Start with the total gross of the five Best Picture nominees--at $240M. Since 1995, the previous low was $306M. And Crash is, according to Gray, the least-attended Best Picture winner ever.
But the most interesting stat can be found in this weekend's numbers, where it seems that none of the Oscar-nominated movies got much of a boost.
This runs counter to the work done by Randy Nelson of Colby College, who in 2001 determined that a Best Picture nomination adds, on average, $4.8M to a film's cume, while a Best Picture win adds $12.7M.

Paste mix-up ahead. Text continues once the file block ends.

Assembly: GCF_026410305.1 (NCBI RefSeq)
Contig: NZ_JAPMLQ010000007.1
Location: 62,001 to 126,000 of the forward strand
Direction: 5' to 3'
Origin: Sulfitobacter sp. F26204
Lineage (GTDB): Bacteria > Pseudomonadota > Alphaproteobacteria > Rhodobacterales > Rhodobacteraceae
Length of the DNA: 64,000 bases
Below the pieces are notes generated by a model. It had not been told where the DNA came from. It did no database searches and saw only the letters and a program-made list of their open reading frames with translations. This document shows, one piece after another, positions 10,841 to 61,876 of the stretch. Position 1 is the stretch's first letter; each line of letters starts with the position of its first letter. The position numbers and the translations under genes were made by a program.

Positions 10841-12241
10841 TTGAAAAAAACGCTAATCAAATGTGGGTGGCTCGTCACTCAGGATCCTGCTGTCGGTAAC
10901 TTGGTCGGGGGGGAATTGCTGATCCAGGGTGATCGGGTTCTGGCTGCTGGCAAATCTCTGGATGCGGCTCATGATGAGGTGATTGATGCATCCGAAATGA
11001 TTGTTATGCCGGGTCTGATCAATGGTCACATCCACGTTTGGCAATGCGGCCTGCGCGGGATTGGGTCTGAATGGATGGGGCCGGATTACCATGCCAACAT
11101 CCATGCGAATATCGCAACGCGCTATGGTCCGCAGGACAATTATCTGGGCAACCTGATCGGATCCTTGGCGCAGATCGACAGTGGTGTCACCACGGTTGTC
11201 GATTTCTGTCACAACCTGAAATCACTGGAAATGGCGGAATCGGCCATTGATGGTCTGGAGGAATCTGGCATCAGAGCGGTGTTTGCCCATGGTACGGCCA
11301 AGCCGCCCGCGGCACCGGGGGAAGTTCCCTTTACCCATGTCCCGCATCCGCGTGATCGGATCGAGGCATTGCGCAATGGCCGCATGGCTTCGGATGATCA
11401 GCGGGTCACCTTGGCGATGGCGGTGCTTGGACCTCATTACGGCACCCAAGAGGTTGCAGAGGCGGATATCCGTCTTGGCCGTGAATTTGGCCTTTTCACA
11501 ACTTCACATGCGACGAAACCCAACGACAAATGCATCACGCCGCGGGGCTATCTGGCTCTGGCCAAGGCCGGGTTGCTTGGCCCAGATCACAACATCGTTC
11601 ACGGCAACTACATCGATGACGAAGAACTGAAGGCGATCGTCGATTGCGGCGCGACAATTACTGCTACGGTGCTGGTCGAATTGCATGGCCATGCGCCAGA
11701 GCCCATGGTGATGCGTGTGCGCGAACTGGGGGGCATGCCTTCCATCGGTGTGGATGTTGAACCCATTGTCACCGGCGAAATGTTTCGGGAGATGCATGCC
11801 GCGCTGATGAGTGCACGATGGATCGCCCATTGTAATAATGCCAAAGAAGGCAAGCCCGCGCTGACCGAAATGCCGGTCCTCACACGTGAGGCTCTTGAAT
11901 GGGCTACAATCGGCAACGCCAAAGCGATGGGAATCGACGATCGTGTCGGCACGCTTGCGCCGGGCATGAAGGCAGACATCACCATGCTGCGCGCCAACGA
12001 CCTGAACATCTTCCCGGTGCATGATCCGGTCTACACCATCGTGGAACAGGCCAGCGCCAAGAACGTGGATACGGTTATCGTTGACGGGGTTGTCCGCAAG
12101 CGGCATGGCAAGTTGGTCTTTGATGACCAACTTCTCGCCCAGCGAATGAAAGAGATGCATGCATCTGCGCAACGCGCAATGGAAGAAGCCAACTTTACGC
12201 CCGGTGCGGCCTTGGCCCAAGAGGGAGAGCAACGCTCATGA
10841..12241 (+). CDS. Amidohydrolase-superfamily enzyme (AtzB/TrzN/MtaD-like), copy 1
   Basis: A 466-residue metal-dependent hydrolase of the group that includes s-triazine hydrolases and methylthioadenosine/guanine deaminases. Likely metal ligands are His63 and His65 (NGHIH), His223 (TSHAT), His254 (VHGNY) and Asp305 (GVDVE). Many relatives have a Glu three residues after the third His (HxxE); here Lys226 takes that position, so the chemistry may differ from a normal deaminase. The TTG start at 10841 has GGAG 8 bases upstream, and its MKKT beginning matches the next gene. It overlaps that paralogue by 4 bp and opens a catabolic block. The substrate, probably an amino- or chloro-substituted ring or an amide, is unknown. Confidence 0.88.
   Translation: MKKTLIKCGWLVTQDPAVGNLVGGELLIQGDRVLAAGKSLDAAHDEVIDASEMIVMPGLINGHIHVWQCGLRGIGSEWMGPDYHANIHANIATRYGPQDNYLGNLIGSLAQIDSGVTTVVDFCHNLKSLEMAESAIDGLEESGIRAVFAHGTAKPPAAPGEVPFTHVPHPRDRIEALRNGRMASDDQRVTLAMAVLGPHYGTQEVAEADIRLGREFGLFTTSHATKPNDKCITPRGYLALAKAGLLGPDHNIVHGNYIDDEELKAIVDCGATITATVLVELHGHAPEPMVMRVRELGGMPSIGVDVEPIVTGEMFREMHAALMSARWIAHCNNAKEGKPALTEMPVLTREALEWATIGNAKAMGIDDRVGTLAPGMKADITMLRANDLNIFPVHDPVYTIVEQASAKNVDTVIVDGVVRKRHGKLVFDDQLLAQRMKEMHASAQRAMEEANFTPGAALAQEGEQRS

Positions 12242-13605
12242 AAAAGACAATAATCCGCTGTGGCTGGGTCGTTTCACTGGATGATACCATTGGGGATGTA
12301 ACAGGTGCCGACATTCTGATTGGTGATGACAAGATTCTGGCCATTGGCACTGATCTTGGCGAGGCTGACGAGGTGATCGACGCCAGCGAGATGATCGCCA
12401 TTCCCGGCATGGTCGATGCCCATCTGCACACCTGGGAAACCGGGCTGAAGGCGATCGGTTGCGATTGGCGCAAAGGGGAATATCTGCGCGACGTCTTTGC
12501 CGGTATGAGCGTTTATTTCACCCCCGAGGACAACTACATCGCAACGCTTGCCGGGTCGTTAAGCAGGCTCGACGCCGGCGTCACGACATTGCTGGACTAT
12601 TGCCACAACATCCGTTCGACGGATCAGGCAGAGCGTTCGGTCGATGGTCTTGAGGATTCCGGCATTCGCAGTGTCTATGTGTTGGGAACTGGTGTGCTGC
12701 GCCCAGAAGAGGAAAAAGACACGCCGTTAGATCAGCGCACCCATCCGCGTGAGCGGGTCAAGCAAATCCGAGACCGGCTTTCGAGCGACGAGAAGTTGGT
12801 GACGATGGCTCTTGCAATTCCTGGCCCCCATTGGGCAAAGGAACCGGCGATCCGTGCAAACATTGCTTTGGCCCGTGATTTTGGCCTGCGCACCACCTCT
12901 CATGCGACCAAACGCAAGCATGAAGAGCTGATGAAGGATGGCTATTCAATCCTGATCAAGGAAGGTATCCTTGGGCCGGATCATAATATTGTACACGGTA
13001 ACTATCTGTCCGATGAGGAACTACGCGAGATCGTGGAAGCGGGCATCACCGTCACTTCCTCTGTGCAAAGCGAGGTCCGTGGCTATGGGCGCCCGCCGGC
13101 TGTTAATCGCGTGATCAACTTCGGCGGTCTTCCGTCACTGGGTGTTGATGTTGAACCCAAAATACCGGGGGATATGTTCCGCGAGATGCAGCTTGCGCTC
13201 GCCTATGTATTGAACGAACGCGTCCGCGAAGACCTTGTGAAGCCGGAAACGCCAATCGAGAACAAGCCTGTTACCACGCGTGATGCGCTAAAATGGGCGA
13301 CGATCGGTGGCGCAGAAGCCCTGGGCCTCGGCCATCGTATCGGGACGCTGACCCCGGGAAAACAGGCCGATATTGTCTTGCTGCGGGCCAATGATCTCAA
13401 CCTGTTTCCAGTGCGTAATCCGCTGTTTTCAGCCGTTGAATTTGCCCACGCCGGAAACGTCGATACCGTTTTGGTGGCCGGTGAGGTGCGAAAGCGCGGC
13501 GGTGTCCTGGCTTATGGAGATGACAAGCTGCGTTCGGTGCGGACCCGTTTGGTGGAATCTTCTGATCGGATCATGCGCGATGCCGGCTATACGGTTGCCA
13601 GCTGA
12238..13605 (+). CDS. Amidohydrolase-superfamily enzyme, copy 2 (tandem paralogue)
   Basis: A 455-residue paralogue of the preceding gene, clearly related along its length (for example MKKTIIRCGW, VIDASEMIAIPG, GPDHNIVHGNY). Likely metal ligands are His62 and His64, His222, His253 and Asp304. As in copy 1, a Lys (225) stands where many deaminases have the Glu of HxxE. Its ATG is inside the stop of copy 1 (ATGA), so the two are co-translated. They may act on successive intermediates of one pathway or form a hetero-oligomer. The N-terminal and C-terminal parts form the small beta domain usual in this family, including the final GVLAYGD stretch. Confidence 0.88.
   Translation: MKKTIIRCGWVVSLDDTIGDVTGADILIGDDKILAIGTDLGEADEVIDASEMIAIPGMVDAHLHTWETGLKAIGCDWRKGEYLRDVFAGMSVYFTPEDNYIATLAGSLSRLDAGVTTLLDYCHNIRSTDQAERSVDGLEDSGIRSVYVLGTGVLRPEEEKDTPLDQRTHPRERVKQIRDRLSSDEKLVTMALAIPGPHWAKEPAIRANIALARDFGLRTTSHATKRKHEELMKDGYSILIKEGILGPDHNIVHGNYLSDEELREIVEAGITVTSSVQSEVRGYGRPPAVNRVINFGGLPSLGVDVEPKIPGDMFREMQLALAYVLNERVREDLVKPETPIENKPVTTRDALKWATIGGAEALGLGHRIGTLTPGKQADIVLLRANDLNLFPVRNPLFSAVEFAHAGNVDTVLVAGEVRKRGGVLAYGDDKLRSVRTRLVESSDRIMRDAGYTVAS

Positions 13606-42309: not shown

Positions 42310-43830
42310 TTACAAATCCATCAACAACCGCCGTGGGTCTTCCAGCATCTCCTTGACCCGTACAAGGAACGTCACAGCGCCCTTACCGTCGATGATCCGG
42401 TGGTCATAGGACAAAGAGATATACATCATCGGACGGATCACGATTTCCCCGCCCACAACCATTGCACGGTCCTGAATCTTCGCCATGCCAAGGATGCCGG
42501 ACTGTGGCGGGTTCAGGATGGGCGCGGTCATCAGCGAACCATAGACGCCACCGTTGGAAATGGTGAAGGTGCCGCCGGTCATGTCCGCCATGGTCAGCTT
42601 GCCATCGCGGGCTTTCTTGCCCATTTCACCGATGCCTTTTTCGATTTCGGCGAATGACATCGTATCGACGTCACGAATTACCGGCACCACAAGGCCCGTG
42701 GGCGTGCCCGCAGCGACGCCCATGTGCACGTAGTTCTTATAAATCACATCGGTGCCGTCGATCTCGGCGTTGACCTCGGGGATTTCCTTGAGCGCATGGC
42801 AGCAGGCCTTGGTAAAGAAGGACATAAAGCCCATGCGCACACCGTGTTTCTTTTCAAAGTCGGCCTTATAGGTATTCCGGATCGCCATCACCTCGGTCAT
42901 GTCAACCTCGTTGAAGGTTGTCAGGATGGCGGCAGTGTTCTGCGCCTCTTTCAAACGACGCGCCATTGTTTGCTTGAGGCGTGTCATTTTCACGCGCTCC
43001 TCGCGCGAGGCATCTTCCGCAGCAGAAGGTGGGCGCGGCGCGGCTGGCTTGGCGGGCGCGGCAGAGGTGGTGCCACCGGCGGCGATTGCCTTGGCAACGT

Mind you, Crash should have expected less of a bounce than that, since it was an early release. As Nelson explains:
. . . a Best Picture nomination for a film released in the first quarter of the year is worth an additional $673,082, while the same filmed released in the fourth quarter would add an additional $7,830,000. The corresponding estimates for a Best Picture award are $2,737,124 and $16,030,730, respectively.
Still, Crash's $342,709 is pretty underwhelming.
It'll be interesting to watch over the next few years to see if the 2005 Oscars were an aberration or if the disappearance of the Oscar bonus is another sign of how the economics of the industry are changing.